The three body problem (and why should you care about it)

Speaker:Prof. Hagai Perets
Affiliation:Physics, Technion
Organizer:Yoav Sagi
Time:14:30 - 15:30
Location:Lidow Rosen Auditorium (323)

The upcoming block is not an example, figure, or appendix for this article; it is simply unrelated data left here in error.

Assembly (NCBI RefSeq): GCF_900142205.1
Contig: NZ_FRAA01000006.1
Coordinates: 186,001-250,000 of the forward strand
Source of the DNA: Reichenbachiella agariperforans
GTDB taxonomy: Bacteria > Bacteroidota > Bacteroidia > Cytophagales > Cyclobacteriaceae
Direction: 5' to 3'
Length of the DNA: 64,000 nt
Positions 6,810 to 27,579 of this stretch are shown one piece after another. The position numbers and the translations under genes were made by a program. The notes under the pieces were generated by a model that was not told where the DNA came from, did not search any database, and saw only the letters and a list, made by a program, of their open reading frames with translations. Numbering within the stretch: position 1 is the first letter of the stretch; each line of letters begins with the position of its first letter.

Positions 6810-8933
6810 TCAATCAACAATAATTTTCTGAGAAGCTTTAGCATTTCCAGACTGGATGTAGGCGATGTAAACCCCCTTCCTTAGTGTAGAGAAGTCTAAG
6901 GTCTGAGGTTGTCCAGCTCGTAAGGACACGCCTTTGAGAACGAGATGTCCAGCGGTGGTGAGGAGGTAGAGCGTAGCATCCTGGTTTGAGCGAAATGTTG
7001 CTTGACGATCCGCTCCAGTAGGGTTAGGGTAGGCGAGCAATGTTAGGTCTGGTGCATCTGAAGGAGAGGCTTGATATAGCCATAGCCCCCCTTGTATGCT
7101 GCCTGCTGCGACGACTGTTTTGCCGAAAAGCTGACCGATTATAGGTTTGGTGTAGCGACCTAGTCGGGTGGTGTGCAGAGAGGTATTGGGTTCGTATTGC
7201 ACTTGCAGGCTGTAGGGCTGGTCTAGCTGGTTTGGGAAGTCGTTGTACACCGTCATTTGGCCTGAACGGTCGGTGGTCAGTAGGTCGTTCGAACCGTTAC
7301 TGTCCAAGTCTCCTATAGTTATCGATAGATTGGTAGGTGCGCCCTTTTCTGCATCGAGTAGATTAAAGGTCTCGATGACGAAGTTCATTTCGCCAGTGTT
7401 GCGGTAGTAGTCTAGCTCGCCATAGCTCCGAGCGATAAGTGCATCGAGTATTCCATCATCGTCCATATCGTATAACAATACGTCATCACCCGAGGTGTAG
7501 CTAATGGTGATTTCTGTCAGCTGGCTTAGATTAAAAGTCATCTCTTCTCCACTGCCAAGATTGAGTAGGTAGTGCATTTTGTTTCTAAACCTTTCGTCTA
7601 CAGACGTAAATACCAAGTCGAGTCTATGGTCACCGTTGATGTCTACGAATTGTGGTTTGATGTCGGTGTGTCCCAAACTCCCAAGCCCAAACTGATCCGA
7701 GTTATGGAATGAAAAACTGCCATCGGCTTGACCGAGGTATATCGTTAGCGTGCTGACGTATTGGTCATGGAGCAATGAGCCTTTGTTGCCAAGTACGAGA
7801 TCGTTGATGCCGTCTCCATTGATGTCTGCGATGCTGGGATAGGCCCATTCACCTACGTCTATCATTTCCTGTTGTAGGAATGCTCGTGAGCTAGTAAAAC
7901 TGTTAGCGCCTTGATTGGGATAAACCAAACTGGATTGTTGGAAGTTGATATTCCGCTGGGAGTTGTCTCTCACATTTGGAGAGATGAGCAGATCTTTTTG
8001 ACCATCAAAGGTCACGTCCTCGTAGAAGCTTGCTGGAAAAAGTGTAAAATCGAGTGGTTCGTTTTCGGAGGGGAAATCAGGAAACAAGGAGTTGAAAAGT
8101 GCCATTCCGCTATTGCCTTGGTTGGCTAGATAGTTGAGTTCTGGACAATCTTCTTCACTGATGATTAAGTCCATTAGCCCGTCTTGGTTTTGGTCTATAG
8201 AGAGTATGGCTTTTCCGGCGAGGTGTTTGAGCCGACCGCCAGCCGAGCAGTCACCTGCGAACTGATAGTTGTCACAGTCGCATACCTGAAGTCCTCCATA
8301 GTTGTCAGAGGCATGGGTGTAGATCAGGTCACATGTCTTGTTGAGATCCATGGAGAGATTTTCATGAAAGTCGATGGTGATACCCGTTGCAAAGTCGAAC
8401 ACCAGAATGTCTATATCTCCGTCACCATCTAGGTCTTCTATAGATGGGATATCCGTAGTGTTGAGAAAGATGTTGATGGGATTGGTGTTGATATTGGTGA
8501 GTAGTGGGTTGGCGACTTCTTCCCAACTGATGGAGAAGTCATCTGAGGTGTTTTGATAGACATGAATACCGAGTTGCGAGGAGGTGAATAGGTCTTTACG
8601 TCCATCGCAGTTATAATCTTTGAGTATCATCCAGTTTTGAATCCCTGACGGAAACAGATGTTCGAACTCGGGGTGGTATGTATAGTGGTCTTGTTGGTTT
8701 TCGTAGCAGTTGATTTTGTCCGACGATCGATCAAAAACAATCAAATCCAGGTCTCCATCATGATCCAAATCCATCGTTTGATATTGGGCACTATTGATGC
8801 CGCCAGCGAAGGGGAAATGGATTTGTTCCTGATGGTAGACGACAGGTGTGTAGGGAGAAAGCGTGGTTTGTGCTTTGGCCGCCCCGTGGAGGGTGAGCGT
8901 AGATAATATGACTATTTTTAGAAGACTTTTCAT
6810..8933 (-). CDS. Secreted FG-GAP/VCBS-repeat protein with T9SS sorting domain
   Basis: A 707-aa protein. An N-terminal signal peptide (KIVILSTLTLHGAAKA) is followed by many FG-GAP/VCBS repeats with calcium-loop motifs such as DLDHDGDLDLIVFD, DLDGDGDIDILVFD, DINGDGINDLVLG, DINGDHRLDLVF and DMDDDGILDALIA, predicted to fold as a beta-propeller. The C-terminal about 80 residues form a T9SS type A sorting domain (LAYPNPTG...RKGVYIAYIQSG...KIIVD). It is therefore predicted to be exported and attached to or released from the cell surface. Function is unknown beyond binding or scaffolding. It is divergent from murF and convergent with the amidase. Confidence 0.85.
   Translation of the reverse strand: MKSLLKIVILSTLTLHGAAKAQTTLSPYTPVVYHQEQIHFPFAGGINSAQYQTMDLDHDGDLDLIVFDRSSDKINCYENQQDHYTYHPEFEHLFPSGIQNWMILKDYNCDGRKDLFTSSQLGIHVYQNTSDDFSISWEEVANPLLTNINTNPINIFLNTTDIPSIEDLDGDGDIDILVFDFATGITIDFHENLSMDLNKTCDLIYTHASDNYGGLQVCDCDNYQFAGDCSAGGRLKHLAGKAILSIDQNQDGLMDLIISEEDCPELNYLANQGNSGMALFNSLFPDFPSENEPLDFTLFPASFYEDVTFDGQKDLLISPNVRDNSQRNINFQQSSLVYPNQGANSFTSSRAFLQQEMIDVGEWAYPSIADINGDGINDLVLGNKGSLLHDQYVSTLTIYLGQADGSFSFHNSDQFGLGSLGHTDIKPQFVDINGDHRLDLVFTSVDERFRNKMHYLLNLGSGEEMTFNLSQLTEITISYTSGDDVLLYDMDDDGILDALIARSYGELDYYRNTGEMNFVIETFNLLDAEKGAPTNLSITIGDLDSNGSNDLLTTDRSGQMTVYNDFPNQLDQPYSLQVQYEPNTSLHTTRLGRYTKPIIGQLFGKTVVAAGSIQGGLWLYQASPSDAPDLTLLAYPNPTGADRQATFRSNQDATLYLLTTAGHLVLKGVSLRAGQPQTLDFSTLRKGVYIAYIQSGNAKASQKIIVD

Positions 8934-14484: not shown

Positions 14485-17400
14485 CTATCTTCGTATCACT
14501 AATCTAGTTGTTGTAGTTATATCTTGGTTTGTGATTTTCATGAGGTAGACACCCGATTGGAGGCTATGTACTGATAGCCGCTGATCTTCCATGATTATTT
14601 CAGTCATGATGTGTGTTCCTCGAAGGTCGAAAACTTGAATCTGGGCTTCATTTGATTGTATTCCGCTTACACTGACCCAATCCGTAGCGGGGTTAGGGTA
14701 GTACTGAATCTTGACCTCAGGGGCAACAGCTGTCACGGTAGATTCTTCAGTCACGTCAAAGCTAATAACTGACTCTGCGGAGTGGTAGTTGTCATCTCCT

The three-body problem, dealing with the dynamics and evolution of three gravitating bodies is one of the oldest, generally still open problems in modern science, from the days of Newton to these days. Its study frustrated Newton, explored by Euler and Lagrange, and lead Poincare to introduce the field of chaos. Indeed, it is an active and extensively studied field to this day both in physics and mathematics. The evolution of three-body systems plays a key role in the evolution of stars and planets in the universe and serves as a major player in the production of various cosmic explosions and the production of gravitational wave sources. It thereby, indirectly, also affects the production of (mostly) heavy elements in the universe, produced in such explosions. I will briefly introduce the history of this problem and its importance, and then explore the dynamics of three-body systems in different regimes. I will first describe the evolution of secular hierarchical triple systems, which have some similarities to coupled oscillators, and pinpoint various important implications for such evolution, studied in my group, from the scales of Solar system asteroids and moons, through mergers of compact objects such as white dwarfs and neutron stars, to the production of gravitational-wave sources near massive black holes. In the second part of the talk, I will focus on the solution to the chaotic, non-hierarchical regime of the three-body problem considered a major challenge and the holy grail in this field. It could effectively be analyzed only through brute-force few-body numerical simulations available with sufficient computational power only over the last few decades. Due to the chaotic nature of the problem, predicting the evolution of a single chaotic three-body system is effectively impossible, however, as I'll show, a solution to the distribution of the final outcomes, i.e. the cross-sections and branching ratios for the various outcomes can be tackled using detailed-balance approach and coupled with the use of a random-walk approach. Our novel solution provides, for the first time, a statistical-analytical description of the chaotic three-body problem throughout its dynamical evolution and can directly reproduce the results of the decades of numerical studies, without even requiring any fitting parameter, solving the problem and effectively making decades of numerical simulations obsolete. Furthermore, our approach allows a robust method to include additional dissipative processes to the problem and/or additional external potentials and perturbations, aspects that are critical for realistic astrophysical systems.